The first thing you should know is that the English dub has been largely redone; if you are familiar with the Director's Cut dialogue, you will immediately notice that the English dub's script has been changed in many places within the Uncut Version. In particular, the saltier comments throughout the movie have been deleted and replaced with much more 'polite' translations. Moreover several of the characters (Werner the war correspondent, Kriechbaum the Navigator, the boat's second-in-command [whom is referred to as "Number One"], as well as the comical red-haired Second Officer, etc.) have received new voices in the English dub (if only in select places), and their scripts have been changed in numerous instances as well. I raise this as a concern because I realize diehard fans may find these (sometimes unnecessary) dialogue changes irritating. This is the main flaw of this edition, in my opinion.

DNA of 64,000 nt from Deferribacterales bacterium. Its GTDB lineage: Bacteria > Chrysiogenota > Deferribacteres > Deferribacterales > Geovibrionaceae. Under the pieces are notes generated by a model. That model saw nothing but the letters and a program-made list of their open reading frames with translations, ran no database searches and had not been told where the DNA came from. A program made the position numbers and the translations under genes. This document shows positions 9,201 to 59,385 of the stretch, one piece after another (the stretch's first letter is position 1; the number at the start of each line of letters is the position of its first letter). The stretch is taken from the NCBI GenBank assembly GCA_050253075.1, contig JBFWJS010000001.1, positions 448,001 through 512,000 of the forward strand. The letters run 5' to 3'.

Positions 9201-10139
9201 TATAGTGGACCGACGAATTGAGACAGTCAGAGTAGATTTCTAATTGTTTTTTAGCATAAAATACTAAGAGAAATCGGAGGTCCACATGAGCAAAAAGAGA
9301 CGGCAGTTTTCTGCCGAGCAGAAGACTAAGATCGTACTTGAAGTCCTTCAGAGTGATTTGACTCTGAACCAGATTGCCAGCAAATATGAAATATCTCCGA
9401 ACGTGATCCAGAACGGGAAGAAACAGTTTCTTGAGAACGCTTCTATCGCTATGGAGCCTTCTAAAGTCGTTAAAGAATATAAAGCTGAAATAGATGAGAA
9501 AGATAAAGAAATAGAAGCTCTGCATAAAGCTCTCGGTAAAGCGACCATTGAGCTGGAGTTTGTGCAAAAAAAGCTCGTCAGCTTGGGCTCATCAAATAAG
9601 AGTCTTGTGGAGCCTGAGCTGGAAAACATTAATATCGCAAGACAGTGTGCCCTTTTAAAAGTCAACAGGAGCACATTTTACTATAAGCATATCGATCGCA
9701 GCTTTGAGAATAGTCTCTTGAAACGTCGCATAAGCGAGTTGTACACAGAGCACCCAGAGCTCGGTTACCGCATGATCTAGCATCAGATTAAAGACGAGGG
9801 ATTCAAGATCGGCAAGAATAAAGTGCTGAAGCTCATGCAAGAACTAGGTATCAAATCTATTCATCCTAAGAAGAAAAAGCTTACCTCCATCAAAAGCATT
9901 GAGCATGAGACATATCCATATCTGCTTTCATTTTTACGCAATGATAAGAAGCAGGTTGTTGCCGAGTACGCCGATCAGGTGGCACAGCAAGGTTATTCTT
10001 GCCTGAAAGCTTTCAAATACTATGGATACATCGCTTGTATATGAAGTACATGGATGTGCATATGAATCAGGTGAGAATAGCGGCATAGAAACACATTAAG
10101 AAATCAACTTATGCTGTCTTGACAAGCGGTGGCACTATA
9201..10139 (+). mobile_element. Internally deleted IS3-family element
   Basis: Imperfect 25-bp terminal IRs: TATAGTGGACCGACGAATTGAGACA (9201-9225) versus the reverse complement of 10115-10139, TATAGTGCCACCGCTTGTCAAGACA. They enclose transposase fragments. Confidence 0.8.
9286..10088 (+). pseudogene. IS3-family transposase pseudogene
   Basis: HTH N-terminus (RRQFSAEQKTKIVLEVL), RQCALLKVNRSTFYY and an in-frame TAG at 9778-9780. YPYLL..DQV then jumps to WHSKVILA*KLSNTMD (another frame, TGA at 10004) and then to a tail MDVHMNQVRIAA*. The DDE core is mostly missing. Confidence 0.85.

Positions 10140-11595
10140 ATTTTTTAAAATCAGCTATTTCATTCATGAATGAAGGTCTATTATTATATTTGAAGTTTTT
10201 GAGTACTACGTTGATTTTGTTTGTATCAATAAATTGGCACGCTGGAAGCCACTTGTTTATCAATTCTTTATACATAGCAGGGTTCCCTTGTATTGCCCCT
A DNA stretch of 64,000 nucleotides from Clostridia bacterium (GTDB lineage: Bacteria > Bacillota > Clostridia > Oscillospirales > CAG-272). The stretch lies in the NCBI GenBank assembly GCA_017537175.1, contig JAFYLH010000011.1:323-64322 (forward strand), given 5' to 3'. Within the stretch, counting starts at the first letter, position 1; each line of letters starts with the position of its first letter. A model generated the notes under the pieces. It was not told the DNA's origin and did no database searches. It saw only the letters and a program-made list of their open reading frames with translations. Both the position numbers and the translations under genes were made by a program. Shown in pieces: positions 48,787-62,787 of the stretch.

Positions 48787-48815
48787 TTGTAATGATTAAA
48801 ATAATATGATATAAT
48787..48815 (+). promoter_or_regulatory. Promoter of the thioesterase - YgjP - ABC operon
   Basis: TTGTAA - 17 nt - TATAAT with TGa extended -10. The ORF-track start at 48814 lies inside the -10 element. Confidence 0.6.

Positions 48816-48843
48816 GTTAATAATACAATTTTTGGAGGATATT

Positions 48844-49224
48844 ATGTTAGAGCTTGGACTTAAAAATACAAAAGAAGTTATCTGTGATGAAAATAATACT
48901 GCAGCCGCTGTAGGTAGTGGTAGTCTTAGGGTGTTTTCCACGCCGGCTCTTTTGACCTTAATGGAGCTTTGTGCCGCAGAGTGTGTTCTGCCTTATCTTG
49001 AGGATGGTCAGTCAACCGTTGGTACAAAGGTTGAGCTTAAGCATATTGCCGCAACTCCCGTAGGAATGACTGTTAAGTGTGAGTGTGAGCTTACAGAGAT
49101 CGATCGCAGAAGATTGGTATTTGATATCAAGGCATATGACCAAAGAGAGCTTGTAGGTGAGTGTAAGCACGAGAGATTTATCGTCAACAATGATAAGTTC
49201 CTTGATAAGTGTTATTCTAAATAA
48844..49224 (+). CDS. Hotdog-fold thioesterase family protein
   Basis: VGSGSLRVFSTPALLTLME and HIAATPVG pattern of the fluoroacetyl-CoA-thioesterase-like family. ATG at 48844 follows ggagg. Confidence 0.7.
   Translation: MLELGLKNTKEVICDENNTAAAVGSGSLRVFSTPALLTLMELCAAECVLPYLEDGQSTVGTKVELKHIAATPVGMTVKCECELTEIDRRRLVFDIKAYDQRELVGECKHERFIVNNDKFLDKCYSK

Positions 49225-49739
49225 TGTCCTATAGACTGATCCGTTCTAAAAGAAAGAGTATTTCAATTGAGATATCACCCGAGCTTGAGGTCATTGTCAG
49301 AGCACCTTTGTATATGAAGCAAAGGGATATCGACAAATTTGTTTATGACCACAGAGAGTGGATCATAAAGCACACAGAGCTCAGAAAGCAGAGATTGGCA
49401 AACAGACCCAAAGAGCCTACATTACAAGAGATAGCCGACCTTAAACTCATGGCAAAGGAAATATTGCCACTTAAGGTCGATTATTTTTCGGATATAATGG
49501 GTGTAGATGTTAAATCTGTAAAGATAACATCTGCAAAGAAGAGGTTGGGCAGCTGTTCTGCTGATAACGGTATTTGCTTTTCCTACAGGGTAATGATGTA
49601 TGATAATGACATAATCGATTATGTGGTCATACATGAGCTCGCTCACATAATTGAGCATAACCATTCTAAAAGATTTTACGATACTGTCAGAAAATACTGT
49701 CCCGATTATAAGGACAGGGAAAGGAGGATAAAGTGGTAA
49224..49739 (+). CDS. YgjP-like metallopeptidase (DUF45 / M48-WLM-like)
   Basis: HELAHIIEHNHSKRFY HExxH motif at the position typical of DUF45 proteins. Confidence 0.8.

While the Uncut Version soundtrack includes new sound effects, and adds frequent narration in old footages areas (largely excerpts from Werner's diary), short pieces of the new footage have not been remastered and look very grainy. Most of the new footage is however seamless and not of unacceptable quality (contra another reviewer). The sections that have been neglected are mainly external shots of the uboat -- in one such instance an obvious blue line spans the vertical width of the screen for about 20-30 seconds.
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312 of 330 people found the following review helpful
5.0 out of 5 stars High pressured, silent and deadly. May 4, 2000
Format:DVD|Verified Purchase
Any movie that is subtitled has to overcome a lot to get me totally involved in its plot. In the case of Germany's celebrated Submarine classic "Das Boot", I don't remember there being subtitles past the first five minutes. What originally drew me to the film was Jürgen Prochnow. He's such a great actor and he really impressed me in "Dune" and "The Seventh Sign". As usual, his portrayal of the German Navy Captain is understated and yet impressively powerful.